Settlement Agreement Helps Restore Flows to the Ventura River

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Source: Santa Barbara Channelkeeper

Santa Barbara Channelkeeper’s advocacy for Ventura River reached a critical milestone on August 5th, when the City of Ventura, for the first time in history, curtailed all pumping at its well field at Foster Park, specifically for the purpose of restoring flows to the parched river ecosystem. Within days, the sounds of water, croaking frogs, and children playing were audible as flows rebounded. 

The cessation of pumping at Foster Park represents a significant achievement in Santa Barbara Channelkeeper’s ongoing efforts to protect the Ventura River. For many decades unlimited pumping at Foster Park at times resulted in degraded downstream water quality and public trust resources and the destruction of endangered species habitat. 

In an attempt to restore flows to the river, Channelkeeper filed a groundbreaking lawsuit in 2015 to challenge the City’s over-pumping. After years of legal proceedings and negotiations, Channelkeeper and the City of Ventura reached a partial settlement agreement that established a minimum river flow threshold that would trigger cessation of pumping. This summer, when flows reached those benchmarked levels, the City ceased all pumping, marking a positive step forward for the health of the river, its ecosystems, and the surrounding community. 

Despite this positive step, flow thresholds still fall below recently published recommendations from the California Department of Fish and Wildlife and may need to be modified in the future to fully protect the river and endangered species.

Today, as California and the western United States experience record-breaking drought conditions, a secure and sustainable water supply is at the forefront of everyone’s mind. In addition to the ecological value it provides, the Ventura River is a primary source of drinking water, providing all of the water used in the Ojai Basin and the Ventura River valley. The river is also culturally significant, providing access to nature and recreational opportunities for surrounding communities. When the river goes dry, it indicates that human use is exceeding the capacity of a limited resource in ways that are detrimental and unsustainable. A thriving river means a sustainable water future.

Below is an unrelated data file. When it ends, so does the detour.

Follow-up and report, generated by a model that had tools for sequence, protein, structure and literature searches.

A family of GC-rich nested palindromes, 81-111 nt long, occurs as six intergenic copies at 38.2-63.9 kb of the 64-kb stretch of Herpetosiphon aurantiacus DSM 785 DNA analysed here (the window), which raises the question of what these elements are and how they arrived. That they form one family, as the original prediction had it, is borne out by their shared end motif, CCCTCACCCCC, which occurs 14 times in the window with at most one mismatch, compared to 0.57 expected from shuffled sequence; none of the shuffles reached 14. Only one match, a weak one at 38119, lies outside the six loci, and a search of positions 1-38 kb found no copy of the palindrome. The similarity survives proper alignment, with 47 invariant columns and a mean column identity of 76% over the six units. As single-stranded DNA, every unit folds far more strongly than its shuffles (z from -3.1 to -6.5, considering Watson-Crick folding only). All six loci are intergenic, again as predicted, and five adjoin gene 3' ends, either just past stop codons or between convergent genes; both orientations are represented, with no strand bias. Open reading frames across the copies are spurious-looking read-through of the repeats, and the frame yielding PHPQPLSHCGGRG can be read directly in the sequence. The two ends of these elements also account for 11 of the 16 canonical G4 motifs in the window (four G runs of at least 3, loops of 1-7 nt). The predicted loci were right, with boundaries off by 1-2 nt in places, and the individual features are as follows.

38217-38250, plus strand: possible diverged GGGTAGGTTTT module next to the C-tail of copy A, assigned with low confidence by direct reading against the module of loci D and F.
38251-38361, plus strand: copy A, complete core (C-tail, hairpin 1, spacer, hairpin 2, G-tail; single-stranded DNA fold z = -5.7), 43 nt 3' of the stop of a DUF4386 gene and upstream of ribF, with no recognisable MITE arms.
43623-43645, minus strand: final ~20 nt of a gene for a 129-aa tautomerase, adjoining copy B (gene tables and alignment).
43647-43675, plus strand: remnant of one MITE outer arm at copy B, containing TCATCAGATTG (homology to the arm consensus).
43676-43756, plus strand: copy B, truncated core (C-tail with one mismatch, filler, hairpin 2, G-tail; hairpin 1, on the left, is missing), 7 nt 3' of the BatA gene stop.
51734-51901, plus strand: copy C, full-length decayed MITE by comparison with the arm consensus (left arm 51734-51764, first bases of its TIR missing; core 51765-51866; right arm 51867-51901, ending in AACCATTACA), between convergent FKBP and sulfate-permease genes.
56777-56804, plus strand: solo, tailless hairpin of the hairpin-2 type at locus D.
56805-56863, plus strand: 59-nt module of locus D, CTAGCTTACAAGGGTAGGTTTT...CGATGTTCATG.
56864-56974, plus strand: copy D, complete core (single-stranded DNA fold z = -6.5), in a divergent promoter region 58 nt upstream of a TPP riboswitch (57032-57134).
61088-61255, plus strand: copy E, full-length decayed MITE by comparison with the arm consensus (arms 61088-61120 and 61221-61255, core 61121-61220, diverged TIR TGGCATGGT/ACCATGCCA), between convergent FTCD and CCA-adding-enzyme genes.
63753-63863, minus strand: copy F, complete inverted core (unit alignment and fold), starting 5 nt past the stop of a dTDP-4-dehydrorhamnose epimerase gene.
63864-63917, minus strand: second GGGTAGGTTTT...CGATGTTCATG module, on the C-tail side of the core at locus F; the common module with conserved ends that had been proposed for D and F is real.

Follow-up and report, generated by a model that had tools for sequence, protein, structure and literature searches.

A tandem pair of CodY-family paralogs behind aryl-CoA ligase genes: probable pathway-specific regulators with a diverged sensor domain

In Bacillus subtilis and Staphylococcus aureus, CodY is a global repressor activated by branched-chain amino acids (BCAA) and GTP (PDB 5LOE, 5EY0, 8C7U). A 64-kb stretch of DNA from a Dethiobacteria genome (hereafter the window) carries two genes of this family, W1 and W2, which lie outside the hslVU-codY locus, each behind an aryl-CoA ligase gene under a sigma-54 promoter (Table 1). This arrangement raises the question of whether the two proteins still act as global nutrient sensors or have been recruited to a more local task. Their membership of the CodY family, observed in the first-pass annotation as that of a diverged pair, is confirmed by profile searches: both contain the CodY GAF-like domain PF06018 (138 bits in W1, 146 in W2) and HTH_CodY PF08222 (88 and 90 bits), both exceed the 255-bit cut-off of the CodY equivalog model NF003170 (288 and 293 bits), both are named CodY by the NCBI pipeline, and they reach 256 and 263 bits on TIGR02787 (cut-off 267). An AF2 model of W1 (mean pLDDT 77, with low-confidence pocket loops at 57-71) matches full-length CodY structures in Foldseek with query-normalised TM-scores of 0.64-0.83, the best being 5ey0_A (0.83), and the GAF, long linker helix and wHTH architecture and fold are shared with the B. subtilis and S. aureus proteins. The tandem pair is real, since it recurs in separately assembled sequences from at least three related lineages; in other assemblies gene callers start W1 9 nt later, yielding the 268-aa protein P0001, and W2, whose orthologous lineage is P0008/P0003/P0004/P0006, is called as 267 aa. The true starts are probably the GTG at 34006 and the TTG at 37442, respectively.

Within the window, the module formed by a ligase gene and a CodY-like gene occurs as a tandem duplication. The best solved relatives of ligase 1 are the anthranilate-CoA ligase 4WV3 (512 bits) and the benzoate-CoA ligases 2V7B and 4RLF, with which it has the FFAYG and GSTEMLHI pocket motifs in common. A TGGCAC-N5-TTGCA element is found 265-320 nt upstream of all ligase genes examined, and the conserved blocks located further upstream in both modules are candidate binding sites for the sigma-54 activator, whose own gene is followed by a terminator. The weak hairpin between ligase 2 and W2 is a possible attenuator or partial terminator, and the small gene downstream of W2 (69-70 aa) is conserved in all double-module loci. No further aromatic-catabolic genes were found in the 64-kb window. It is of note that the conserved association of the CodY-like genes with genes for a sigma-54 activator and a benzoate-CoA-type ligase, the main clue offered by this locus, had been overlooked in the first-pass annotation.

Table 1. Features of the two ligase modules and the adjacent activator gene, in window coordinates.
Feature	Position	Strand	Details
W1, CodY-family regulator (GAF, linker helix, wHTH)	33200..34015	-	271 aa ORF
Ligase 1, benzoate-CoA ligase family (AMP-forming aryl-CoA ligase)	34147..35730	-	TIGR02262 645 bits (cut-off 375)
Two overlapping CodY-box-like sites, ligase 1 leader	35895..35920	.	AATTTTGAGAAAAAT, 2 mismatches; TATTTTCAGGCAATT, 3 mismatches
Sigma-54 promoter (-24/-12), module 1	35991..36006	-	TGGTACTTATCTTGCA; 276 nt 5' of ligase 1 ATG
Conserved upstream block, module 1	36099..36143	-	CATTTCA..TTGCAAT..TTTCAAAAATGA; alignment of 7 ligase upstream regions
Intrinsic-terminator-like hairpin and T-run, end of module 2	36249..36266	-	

“Our water supplies are severely limited, and unfortunately it does not appear that conditions will improve in the near future,” said Benjamin Pitterle, Channelkeeper’s Science and Policy Director. “It’s critical that we include our precious ecosystems in the final balance of how we manage our water resources.” 

Channelkeeper’s legal action against the City is still pending as the City carries out a water adjudication involving all water right holders in the watershed. The adjudication will allocate available water supplies to existing water right holders as well as identify a “physical solution” that should fully and permanently protect flows in the Ventura River. Until the adjudication is finalized, Channelkeeper’s settlement agreement is all that keeps the Ventura River flowing.

About Santa Barbara Channelkeeper
Santa Barbara Channelkeeper was founded in 1999 as a program of the Environmental Defense Center and became an independent 501(c)(3) non-profit organization in 2001. For more than 20 years, the organization has worked to protect water quality, restore aquatic ecosystems, advocate for clean water, enforce environmental laws, and educate and engage citizens in implementing solutions to water pollution and aquatic habitat degradation. 

Santa Barbara Channelkeeper is a member of Waterkeeper Alliance, a coalition of more than 300 grassroots Waterkeeper groups on six continents collectively patrolling and protecting more than 2.7 million square miles of watersheds and defending their communities’ right to clean water. It is also a member of the California Coastkeeper Alliance, a coalition of California Waterkeepers working to strengthen water quality and marine habitat protections at the state level.   To learn more, please visit

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Luvaduck Sep 03, 2021 08:21 AM
Settlement Agreement Helps Restore Flows to the Ventura River

The current patchwork water rights laws were mostly enacted over a hundred years ago when population was low in California and the water situation was extremely different. It's time to re-examine the entire system and make whatever changes are necessary to update and sustain them into the future. Men on horseback with rifles belongs in period movies not current law.

Lew Riffle Sep 03, 2021 09:01 AM
Settlement Agreement Helps Restore Flows to the Ventura River

A more healthy river would have Matilija Dam removed. Seems to my recollection concern over these wells were what stopped the slot down of the dam back in the 90's. The dam would be down now if that had continued. We would have more sand on Ventura Beaches and maybe a sustainable run of southern southern steelhead as well.

RHS Sep 03, 2021 10:14 AM
Settlement Agreement Helps Restore Flows to the Ventura River

Luvaduck: We actually don't absolutely need a revision to the water law but we do need enforcement of provision of both state law and the state Constitution. ALL water in the state is owned by the state for the benefit of the public. Its misuse can be prohibited. The public benefit is the ultimate test. Here is a discussion of these issues:

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